Quality vs Quantity- How do I maximise silage yield per hectare?
Every winter the importance of good quality silage is emphasised. There are multiple benefits such as reduced concentrate input and increased weigh gain at lower costs. Teagasc Specialist Catherine Egan and Drystock Advisor Joe Hand have information and advice.
Variation in grass growth and feed supply due to weather conditions is inevitable. Therefore, it is important to build an appropriate rolling reserve into farm fodder plans; increasing feed storage capacity on farms, i.e., silage pits and effluent systems and improve quantity and quality of winter feed through improved soil and sward management.
As silage ground is closed on most beef farms, the first step is to determine the amount of silage that is required on the farm next winter. It is important to balance quality and quantity depending on the amount and type of stock kept on the farm next winter.
Table 1 below examines the amount of silage required next winter for a farmer with a 5 month winter. The farmer has 40 suckler cows, 35 weanlings (0-1 years) and 35 cattle (1-2 years). The total silage required is 631 tonnes and including a 1 month reserve 757 tonnes is required for this winter. This farmer will prioritise to make top quality first cut of silage and surplus bales > 70DMD for the cattle 0-1 & 1-2 years and then the second cut of silage for suckler cows can be poorer quality <70 DMD .
Table 1: Example Fodder Budget
|0 - 1 years old||35||5||123|
|1-2 years old||35||5||228|
|Total demand including 1 month reserve||757t|
You can complete a sample fodder budget for your farm by completing Table 2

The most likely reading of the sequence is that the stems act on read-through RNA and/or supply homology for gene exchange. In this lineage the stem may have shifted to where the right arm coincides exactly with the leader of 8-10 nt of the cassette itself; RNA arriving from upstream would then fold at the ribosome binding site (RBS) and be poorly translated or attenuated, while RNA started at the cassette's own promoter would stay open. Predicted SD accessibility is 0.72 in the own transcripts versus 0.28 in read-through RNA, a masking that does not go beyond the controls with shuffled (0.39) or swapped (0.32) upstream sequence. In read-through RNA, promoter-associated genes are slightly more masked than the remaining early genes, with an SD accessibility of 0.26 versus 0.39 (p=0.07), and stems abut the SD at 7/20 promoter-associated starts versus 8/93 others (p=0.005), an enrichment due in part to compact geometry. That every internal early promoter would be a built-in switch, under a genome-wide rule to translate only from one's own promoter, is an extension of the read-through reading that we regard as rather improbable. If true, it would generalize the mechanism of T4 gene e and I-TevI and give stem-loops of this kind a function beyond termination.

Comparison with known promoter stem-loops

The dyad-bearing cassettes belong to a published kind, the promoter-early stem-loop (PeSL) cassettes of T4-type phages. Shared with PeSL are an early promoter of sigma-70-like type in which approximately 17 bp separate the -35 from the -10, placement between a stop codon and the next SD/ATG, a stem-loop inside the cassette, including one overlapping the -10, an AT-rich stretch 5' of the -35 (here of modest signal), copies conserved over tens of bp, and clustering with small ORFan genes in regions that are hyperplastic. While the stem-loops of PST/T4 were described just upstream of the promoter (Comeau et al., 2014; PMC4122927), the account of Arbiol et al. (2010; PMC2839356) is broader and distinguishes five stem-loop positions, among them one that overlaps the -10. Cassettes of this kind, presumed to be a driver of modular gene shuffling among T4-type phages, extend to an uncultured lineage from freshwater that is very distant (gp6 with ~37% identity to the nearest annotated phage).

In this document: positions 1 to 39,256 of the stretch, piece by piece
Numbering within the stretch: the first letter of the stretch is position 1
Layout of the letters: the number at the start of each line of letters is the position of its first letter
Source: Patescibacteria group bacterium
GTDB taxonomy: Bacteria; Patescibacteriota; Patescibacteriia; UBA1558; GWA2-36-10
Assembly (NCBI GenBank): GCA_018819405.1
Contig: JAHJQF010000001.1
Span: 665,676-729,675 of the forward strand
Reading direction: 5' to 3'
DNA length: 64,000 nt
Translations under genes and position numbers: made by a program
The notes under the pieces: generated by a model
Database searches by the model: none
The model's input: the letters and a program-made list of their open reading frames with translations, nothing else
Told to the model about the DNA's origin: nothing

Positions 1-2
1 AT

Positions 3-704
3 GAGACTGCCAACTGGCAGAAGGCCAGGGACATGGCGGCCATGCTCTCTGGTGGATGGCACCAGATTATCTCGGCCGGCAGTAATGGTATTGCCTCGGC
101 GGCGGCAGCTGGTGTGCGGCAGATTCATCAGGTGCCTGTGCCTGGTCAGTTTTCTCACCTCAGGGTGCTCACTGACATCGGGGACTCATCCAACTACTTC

Table 2: What fodder is required on your farm?
|Animal Type||No.of stock to be kept over winter||Number of Months (include a 4-6 week reserve)||Pit Silage needed tonnes / animal / month||Total Tonnes of Silage Needed Multiply (A x B x C)|
|0 - 1 yar old|
|1 - 2 year old|
|2+ year old|
|Total tonnes needed||D|
|Total bales needed (tonnes multiplied by 1.25)||E|
A crop of grass silage (5t/ha of DM) will require 125 kg N/ha (100 units/acre). Grass silage will take up on average 2.5kg/ha/day of N (2units/day), therefore apply N at least 50 days before cutting to ensure full crop N utilisation.. Phosphorus (P) and Potassium (K) are essential to maximise grass yields. Consult the most recent (3 to 5 years) soil test reports to determine the P and K requirements (in organic manure and fertiliser) for silage fields. Organic manures are an effective source of N, P & K and can provide a large proportion of crop P and K requirements at relatively low cost. This had been completed on most farms at this stage as outline in Table 3.
Table 3: 1st Cut Grass Silage N,P & K Requirements ( 5t/ha DM) (As per worksheet)
On this week’s episode of Beef Edge Podcast, Teagasc Drystock advisor Joe Hand discusses how to maximise silage yield this year on your farm. You can listen to the podcast below
Joe advises that sub-optimal soil fertility is probably the core reason that target silage yields and digestibility are not achieved. Through experiments carried out on farm with Walshfellowship student Louise Pierce, Joe explained the findings. He noted a difference in yield of 3.8 t vs 5 t from following recommended fertiliser rates which is a difference of 1.2 tonne yield dry matter per hectare or a 30% increase yield.
Recommended rates give results
Joe highlighted that poor soil fertility can have a huge impact of silage yield and as a result the cutting date may be delayed a few weeks which will lead to poorer quality silage. When the correct fertiliser is applied you can produce the same yield 3 weeks earlier.
A silage quality guide to complete for your farm developed by Joe & Louise is available here